In human adults, brown adipose tissue was not clearly identified before. However, FDG-PET (positron emission tomography with fluorodeoxy-glucose) analyses clearly demonstrated the existence of brown adipose tissues in human adults, and heat production was confirmed in such brown adipose tissues [30]. Furthermore, exercise or cold temperature stimulation toward human healthy adults result in the increase in serum IRISIN and FGF21, and in vitro study showed that IRISIN and FGF21 up-regulated UCP1 expression and subsequent heat production [31]. Furthermore, in the human white adipose tissue, cold temperature promotes adipocytes to ectopically express UCP1 and, thus, it is suggested that browning may greatly regulate metabolism [32]. Moreover, human visceral fat is without doubt a great contributor for obesity and related complications, but can be a target for therapy by converting adipocytes into browning [33].

Conclusions

Ccr7 null mice are protected from diet-induced obesity. The browning of WAT and activation of BAT are the primary mechanisms underlying this protection. Therefore, CCR7 is a potentially effective therapeutic target against obesity and/or related diseases.

Availability of data and materials

The datasets used and/or analysed during the current study are available from the corresponding author on reasonable request.

Abbreviations

Cidea:

Cell death activator

Dio2:

iodothyronine deiodinase 2

Pgc1α:

Peroxisome proliferator activated receptor gamma coactivator 1 alpha

Prdm16:

PR domain containing 16

Sirt1:

sirtuin 1

Tbx1:

T-box 1

Th:

tyrosine hydroxylase

Tmem26:

Transmembrane protein 26

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Acknowledgments

This work was supported by a Grant-in-Aid from the Japan Society for the Promotion of Science [grant numbers 16H05555, 18 K17071].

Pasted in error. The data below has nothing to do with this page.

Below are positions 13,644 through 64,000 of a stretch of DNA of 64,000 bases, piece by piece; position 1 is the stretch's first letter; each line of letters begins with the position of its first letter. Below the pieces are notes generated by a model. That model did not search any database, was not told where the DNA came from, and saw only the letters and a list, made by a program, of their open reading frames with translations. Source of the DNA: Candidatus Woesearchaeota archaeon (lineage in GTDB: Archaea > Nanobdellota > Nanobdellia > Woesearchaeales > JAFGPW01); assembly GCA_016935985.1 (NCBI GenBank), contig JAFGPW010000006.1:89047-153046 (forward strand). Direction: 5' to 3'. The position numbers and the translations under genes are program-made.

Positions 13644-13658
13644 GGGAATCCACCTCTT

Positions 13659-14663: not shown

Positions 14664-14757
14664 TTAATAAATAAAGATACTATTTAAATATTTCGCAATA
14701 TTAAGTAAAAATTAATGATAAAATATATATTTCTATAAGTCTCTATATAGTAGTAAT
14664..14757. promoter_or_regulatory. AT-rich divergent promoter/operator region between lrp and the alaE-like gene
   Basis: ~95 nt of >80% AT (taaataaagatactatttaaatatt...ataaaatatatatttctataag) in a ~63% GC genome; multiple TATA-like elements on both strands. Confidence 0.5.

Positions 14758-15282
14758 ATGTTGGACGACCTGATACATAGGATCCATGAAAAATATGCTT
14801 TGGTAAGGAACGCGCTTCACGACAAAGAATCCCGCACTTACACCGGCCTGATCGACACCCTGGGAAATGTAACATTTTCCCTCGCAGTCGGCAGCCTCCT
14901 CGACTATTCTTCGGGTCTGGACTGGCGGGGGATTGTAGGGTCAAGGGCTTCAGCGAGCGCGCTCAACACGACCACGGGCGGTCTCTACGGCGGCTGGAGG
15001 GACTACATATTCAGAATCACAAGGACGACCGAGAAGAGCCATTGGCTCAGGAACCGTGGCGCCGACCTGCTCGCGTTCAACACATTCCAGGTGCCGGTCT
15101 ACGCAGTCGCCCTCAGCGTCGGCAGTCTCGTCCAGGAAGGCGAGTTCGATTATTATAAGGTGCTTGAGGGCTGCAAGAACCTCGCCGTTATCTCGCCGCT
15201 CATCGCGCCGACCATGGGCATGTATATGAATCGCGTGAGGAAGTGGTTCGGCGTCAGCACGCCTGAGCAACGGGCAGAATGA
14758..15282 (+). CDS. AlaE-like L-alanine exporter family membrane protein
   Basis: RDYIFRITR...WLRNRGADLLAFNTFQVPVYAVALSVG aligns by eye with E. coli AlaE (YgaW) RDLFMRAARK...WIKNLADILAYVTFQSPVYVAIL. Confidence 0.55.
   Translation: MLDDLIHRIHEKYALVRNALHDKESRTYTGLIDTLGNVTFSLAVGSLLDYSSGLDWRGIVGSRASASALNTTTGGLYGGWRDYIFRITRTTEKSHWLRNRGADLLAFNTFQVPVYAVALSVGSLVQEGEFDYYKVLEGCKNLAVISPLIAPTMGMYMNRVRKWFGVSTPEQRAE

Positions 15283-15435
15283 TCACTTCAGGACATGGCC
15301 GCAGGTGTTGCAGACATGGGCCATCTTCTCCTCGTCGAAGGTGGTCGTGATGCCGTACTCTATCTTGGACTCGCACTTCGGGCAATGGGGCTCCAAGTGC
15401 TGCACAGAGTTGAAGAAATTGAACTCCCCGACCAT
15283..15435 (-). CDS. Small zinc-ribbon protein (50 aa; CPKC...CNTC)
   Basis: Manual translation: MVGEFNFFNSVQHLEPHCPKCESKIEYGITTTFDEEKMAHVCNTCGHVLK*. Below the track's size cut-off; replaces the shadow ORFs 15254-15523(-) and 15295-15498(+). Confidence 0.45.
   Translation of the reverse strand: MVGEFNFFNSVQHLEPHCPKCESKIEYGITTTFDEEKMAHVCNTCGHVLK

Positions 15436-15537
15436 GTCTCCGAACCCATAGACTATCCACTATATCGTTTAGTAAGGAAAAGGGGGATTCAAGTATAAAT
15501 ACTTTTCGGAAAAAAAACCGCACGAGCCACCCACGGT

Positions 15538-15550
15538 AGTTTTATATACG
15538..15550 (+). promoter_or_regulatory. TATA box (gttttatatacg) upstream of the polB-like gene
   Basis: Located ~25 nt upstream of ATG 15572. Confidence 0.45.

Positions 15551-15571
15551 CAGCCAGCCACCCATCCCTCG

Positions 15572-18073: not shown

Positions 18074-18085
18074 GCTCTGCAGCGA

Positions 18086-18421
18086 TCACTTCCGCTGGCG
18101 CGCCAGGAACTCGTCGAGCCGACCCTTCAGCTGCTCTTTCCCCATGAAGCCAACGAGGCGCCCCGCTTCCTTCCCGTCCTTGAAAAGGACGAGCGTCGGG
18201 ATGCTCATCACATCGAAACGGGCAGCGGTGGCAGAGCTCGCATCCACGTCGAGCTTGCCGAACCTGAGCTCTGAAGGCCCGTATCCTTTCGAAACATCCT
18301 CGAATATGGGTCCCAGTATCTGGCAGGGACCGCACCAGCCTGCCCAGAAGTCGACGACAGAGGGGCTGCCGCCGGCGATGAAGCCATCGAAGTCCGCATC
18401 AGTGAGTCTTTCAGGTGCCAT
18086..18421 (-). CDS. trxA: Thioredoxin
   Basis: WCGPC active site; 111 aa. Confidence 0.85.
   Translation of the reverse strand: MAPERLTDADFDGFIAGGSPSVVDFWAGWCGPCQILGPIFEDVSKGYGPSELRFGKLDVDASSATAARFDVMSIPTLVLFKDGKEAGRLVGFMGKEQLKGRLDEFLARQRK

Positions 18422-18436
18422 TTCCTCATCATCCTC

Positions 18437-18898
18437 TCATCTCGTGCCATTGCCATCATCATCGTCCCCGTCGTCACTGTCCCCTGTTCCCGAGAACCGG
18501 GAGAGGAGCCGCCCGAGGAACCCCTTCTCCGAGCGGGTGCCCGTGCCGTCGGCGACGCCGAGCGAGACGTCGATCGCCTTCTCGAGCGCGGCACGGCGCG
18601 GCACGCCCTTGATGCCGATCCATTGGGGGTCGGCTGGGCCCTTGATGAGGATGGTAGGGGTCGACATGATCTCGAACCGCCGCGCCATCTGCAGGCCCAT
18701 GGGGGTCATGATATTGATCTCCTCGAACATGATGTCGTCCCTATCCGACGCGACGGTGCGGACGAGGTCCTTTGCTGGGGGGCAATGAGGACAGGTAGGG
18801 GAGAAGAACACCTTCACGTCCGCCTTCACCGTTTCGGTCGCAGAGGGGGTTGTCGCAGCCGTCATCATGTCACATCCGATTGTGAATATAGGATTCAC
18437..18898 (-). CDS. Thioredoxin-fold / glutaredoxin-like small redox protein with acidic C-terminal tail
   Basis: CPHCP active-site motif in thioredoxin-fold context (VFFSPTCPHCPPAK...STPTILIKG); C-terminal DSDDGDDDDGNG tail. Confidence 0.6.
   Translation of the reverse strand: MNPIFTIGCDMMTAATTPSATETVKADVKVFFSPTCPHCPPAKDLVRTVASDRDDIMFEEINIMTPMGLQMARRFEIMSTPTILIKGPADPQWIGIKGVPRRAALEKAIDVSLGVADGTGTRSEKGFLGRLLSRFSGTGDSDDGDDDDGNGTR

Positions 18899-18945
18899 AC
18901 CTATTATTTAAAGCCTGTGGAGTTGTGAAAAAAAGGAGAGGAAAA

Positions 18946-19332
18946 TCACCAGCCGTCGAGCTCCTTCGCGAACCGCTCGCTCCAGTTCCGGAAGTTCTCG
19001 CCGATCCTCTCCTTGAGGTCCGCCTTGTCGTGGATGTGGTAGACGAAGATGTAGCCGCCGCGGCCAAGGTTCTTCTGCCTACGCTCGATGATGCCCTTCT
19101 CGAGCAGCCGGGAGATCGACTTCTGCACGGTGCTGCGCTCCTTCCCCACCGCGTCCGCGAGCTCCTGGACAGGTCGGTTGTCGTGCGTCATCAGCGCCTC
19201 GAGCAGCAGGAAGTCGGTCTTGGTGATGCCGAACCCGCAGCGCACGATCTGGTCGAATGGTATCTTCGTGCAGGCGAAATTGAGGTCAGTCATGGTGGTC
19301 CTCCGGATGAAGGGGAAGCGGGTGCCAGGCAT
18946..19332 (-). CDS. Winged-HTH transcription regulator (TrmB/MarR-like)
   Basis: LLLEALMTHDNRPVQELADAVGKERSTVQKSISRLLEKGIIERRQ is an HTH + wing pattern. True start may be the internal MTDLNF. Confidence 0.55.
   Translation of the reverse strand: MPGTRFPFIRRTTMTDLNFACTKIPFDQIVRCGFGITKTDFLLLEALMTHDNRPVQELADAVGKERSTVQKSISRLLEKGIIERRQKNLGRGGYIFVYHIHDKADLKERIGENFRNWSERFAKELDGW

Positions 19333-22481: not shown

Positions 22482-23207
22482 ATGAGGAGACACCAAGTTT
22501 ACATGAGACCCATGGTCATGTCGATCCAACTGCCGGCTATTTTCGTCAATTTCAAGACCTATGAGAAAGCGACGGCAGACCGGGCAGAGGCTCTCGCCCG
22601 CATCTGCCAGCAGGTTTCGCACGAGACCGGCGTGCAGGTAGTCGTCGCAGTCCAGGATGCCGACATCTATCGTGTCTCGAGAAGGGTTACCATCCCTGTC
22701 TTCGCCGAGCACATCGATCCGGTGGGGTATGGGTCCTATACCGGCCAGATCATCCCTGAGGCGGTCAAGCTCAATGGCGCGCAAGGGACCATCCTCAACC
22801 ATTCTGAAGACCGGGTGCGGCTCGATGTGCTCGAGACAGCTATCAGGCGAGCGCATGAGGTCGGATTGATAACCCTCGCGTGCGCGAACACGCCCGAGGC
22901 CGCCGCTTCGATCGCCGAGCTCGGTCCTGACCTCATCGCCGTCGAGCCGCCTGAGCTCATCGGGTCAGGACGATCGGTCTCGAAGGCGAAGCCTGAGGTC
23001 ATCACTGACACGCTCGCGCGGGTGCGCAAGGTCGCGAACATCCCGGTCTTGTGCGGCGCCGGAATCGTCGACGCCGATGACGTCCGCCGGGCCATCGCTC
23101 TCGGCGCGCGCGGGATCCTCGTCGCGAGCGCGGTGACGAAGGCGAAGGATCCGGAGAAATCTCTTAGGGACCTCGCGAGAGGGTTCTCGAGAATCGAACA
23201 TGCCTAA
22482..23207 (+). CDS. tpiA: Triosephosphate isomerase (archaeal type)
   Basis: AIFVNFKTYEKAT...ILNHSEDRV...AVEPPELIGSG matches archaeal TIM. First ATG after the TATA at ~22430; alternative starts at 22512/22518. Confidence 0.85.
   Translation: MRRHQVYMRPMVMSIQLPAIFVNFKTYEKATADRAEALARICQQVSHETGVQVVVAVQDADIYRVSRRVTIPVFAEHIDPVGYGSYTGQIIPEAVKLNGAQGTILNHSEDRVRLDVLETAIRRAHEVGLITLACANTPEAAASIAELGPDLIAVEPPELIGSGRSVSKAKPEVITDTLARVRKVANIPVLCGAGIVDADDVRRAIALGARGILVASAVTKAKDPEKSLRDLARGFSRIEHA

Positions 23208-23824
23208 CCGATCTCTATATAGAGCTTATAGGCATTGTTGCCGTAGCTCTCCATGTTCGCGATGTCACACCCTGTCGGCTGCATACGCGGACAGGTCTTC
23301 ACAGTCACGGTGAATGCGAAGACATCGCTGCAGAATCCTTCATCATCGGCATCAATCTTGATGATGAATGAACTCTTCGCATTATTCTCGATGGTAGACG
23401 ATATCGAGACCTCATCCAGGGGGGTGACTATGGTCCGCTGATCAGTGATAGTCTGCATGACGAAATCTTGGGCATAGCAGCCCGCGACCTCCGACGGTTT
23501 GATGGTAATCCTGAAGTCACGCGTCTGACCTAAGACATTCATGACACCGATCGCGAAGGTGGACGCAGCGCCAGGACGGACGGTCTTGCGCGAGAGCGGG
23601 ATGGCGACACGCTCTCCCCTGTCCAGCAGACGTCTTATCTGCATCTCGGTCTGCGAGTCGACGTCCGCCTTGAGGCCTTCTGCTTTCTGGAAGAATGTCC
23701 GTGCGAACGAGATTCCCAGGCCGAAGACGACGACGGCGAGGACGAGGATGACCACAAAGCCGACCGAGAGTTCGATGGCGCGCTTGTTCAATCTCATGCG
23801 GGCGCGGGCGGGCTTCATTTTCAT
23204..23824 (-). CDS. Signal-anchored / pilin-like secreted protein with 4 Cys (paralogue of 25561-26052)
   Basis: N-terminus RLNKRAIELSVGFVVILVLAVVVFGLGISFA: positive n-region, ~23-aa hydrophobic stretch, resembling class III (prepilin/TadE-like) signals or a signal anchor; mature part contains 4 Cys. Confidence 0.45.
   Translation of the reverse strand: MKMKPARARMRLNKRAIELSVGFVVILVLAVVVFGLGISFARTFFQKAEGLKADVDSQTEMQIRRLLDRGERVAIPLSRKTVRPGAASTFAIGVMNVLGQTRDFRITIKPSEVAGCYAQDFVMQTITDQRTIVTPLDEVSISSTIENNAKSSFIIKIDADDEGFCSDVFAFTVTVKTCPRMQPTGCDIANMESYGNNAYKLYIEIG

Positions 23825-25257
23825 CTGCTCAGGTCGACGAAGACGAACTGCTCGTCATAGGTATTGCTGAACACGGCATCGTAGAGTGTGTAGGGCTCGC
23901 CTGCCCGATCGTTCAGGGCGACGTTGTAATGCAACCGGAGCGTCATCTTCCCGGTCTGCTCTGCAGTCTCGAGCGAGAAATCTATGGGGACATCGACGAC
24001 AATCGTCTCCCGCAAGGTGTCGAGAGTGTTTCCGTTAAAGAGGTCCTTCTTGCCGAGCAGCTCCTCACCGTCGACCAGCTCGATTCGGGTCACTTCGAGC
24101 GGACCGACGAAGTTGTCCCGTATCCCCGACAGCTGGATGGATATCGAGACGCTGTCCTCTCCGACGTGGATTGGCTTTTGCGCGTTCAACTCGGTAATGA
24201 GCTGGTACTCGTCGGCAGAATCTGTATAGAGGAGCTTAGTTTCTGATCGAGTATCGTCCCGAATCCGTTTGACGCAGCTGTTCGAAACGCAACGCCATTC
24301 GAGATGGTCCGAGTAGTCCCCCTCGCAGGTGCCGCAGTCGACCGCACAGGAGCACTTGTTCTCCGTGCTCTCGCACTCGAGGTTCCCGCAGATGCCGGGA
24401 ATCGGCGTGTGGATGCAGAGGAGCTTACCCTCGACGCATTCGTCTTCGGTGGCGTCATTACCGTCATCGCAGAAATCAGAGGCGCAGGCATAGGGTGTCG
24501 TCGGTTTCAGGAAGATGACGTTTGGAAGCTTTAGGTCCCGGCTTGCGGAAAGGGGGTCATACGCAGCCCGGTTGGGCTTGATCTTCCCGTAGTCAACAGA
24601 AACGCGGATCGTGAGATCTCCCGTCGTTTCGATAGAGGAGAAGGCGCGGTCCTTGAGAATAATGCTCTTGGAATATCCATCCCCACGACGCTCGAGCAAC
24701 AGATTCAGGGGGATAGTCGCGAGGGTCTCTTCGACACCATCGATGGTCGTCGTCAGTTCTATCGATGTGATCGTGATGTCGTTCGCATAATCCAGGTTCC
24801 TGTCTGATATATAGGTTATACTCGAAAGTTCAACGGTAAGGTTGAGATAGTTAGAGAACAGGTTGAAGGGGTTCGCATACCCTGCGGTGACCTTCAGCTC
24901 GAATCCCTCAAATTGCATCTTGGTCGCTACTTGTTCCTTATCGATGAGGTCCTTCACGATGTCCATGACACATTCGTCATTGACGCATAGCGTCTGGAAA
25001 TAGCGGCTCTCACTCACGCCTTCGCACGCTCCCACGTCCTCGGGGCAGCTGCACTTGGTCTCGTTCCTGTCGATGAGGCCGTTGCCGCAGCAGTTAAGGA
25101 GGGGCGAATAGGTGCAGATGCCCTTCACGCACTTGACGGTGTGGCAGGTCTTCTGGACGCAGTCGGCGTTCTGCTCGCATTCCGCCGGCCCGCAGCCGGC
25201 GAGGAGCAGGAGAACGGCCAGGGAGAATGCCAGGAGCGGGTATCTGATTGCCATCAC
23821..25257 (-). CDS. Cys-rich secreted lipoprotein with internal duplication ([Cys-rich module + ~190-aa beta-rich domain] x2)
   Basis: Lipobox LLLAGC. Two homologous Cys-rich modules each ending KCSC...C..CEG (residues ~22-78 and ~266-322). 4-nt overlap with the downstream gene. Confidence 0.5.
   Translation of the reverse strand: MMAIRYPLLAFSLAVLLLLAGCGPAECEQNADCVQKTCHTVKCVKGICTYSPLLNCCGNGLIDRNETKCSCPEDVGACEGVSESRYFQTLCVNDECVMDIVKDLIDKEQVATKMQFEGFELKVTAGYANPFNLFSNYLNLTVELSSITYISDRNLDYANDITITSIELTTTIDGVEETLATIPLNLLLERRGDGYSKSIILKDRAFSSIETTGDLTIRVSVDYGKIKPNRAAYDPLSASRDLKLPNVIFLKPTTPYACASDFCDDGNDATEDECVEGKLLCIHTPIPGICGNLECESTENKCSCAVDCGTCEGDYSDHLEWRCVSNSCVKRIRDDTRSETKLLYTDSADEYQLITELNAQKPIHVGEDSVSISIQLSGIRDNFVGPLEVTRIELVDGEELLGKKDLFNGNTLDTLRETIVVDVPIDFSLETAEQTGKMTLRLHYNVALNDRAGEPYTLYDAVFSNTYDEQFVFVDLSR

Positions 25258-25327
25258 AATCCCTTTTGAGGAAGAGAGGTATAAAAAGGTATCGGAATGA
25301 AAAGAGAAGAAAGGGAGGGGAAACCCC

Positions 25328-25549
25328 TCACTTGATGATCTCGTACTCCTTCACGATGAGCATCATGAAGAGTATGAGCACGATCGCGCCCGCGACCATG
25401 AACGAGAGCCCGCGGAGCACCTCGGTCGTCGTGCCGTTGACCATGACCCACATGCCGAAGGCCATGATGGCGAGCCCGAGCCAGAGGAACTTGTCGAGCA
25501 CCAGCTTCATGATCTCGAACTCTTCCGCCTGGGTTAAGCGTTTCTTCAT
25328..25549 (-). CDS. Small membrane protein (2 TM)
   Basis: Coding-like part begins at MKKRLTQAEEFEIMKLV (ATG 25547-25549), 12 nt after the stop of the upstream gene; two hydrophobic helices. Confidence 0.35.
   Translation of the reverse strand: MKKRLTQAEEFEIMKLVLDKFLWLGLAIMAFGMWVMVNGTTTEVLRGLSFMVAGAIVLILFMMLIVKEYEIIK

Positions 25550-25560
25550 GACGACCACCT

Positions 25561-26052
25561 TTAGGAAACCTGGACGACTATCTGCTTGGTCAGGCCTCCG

Funding

No potential conflicts of interest relevant to this article were reported. This work was supported by a Grant-in-Aid from the Japan Society for the Promotion of Science [grant numbers 16H05555, 18 K17071].

Author information

T. Sano, T. Sanada, Y. S., T. Shinjo, M. I., A. Y., T. F. and T. Sanui. performed the experiments. F. N., T. A., and T. K. conceived the study. F. N. supervised the study. F. N. and T. Sano wrote the paper. All authors interpreted the data. All authors read and approved the final manuscript.

Correspondence to Fusanori Nishimura.

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This study was approved by the Animal Care and Use Committee of Hiroshima University (permission number: A15–81) and was performed in accordance with the Guide for Hiroshima University Animal Experimentation Regulation.

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Not applicable.

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The authors declare that they have no competing interests.

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Additional files

Additional file 1:

Figure S1. Summary of hematoxylin-eosin (HE) staining results. (a) HE staining (muscle). bar, 100 μm. (b) HE staining (iWAT). bar, 100 μm. (c) Inguinal adipocyte size in the test mice. (PPTX 561 kb)

Additional file 2:

Figure S2. (a) Ucp1 gene expression levels in BAT. (Data were normalized against β-actin levels.) (b) Ucp1 gene expression levels in eWAT. (Data were normalized against β-actin levels.) (c) Ucp1 gene expression levels in iWAT (Data were normalized against Gapdh levels). (d) Ucp1 staining in iWAT, bar: 100 μm. Brown parts are positively stained for Ucp1. (PPTX 591 kb)

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Sano, T., Sanada, T., Sotomaru, Y. et al. Ccr7 null mice are protected against diet-induced obesity via Ucp1 upregulation and enhanced energy expenditure. Nutr Metab (Lond) 16, 43 (2019) doi:10.1186/s12986-019-0372-5

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Keywords

  • Obesity
  • Energy expenditure
  • Brown adipose tissue
  • Adipose tissue
  • Inflammation